Are the capacitor "use" categories on Mouser just like serving suggestions, or are the actually useful categories?

See attached screenshot of the "Product" filter category for the "film capacitor" category on Mouser. Do these options mean anything by them selves, or are they just shortcuts for other specs like operating temperature, tolerance, ESR, etc?
 

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Some of those categories mean something. For example, safety capacitors probably means X and Y capacitors. X and Y capacitors are guaranteed not to go up in flames when you connect them across the mains and a voltage peak occurs on the mains. If I remember well, Y capacitors are also guaranteed not to cause electrocution when one side is connected to the mains and the other to a person.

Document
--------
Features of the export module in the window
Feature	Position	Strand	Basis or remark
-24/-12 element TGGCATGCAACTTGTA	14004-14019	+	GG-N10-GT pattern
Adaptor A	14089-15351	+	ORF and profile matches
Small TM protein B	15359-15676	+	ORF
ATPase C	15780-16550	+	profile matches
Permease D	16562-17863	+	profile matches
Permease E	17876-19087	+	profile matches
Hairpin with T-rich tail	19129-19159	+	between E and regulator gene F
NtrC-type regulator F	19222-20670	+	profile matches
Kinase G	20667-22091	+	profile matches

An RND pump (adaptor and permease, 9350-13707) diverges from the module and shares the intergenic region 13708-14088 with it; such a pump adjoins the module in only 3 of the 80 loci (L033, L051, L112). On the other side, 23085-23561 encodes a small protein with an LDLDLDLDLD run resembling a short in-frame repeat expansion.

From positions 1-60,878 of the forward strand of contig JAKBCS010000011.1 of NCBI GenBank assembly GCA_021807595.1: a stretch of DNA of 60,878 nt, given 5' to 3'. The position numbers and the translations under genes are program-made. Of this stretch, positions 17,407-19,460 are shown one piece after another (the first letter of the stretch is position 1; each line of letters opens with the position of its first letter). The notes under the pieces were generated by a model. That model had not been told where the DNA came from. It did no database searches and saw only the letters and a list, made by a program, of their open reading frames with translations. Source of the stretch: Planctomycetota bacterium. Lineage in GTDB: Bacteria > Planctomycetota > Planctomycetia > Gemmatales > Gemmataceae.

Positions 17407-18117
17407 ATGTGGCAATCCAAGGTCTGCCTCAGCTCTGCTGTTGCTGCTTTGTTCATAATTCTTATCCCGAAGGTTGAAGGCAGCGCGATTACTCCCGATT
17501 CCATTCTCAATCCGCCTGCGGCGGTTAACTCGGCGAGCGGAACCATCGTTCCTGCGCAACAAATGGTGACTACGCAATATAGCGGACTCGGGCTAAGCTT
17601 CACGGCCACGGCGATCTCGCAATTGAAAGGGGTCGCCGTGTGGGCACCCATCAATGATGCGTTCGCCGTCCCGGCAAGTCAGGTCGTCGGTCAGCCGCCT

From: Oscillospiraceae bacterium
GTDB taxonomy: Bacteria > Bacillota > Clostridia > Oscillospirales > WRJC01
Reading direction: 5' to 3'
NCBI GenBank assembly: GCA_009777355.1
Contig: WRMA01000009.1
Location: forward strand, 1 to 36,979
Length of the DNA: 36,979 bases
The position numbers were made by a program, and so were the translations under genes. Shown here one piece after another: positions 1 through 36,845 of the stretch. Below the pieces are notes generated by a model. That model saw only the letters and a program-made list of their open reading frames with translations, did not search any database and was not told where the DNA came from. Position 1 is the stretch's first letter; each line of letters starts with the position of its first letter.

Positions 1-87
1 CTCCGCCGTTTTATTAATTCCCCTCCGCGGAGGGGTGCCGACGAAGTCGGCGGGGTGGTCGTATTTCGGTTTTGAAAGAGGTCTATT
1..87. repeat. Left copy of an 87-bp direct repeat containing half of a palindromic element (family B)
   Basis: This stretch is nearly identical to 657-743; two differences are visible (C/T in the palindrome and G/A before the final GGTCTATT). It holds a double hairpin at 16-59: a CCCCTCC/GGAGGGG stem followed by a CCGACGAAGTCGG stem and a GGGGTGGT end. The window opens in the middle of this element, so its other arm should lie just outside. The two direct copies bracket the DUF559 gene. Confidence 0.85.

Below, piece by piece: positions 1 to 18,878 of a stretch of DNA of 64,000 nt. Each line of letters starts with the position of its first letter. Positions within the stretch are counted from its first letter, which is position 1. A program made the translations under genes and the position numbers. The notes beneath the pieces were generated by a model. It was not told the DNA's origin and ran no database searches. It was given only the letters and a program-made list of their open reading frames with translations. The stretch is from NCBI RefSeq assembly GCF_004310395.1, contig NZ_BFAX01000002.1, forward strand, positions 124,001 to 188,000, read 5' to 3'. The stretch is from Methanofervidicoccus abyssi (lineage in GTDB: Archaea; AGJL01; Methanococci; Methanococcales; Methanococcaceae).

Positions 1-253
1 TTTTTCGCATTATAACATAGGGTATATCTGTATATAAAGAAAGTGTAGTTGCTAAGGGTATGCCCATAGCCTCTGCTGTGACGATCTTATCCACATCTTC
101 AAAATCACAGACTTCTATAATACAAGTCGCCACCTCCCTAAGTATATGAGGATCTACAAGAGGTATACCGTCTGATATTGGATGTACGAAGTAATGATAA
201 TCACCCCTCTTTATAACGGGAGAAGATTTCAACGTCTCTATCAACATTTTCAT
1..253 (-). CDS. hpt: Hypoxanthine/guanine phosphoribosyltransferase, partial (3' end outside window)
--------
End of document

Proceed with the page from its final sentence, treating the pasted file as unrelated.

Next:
It is more than 90% helpful tool - it helps you to find a suitable component faster, but there are errors, wrongly classified, for example, and cases where classification would be much more suitable in another application than Mouser indicated. These less than 10% errors can be just tricks, but there is also the possibility that the person entering this data does not understand everything.
In general, it is useful, when in doubt it is always wise to look at the specific data sheets of manufacturers.
 
The useful data is:

1) dielectric - this is by far the most important determiner of properties.
2) construction (stacked, wound, etc)
3) value/tolerance/tempco
4) working voltage (capacitors usually quote a working voltage, not an abs. max., which is nice since you can run a 50V cap at 50V all day long).
5) is manufacturer reputable? (which simply means don't buy from J Random on eBay)
6) certifications (class X etc).
7) max working temperature (can occasionally be an issue, for instance PP and PS are weak against temperature, PPS/PTFE are strong). Higher quoted temperatures for electrolytics implies longer life too.
8) for electrolytics ripple current and ESR are often important